I have to say, though, I do like the thought of Pollan speaking and then being part of a panel with some representatives of industrial agriculture. There’s an interesting article here (http://www.american.com/archive/2009/july/the-omnivore2019s-delusion-against-the-agri-intellectuals) in which a farmer responds to Pollan, and though Pollan definitely informs my view of things I thought this guy made some good points. I’d like to hear Pollan respond to some of those critiques, since I just know so little about industrial agriculture.

  • EBMalone
  • October 20, 2009
  • 8:46 am

Can anyone tell me the details of Marion’s public appearance today, Oct. 20, in Vicenza, Italy? I live here and would like to attend.

Hi Marion,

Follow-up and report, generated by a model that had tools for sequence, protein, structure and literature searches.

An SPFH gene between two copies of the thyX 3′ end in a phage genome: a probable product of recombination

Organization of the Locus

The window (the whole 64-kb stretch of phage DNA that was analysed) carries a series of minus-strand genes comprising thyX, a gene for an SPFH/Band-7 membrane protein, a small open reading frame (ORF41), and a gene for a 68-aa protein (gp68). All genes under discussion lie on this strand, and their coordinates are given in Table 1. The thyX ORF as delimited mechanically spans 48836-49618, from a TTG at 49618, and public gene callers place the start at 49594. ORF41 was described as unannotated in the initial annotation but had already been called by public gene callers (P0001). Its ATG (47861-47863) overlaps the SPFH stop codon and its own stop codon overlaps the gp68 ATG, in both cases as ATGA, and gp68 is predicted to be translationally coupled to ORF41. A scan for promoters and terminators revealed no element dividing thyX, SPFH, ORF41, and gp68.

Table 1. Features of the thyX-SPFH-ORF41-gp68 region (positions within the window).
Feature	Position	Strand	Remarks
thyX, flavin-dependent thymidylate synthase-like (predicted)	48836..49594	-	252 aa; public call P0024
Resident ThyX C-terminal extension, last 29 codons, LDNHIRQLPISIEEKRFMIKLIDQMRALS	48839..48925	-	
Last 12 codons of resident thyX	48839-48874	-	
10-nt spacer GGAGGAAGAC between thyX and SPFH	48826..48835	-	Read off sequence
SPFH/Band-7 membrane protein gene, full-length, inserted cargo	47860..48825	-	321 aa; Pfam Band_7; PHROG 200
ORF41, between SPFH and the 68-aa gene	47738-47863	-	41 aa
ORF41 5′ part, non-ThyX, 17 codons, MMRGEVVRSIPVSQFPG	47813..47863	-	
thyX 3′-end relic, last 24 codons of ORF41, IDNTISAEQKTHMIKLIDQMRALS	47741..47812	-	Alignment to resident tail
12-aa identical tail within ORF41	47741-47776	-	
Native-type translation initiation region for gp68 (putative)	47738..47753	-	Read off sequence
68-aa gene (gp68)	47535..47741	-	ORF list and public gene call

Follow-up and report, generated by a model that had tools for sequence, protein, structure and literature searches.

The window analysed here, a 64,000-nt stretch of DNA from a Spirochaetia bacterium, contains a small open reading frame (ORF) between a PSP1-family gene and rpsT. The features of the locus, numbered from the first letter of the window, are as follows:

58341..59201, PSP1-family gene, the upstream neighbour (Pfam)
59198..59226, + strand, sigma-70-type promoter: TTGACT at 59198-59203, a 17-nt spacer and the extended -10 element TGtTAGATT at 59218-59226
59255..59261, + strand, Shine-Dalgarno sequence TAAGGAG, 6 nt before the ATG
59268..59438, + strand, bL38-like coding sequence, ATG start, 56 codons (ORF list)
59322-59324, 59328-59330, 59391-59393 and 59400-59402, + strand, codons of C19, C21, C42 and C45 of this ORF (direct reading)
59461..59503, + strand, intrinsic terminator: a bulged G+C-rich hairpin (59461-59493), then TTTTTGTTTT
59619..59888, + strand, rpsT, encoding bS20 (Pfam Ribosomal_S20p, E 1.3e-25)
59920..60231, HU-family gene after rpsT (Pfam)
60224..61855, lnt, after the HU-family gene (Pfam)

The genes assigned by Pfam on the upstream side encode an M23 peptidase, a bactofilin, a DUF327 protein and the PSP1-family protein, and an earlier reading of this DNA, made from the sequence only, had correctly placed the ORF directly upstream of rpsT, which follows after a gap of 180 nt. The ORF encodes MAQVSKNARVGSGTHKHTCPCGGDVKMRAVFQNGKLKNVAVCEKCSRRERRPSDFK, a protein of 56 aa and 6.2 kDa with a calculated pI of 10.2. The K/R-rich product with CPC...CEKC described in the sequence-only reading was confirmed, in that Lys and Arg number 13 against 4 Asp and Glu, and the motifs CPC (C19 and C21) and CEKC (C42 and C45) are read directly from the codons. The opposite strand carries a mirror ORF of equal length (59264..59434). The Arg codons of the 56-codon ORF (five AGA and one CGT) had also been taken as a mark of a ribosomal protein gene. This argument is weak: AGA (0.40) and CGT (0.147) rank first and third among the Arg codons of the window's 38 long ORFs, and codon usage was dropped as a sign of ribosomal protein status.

I may be naive but I am unclear why you are implying we should dismiss David Wood’s request for a more inclusive discussion of the issues. I am a strong proponent of sustainable, local food production. Your writing, along with Michael Pollan’s and Jeffrey Masson’s have profoundly changed my life and my relationship with food. But I also know that we will not prevail in promoting a better approach to food and ag if the argument appears one-sided or like some bit of coastal elitism. David Woods arguments for CAFOs and NPK enhance farming will eventually fall flat but his POV deserves a forum and hopefully in providing one, we can get him closer to his “road to damascus” moment.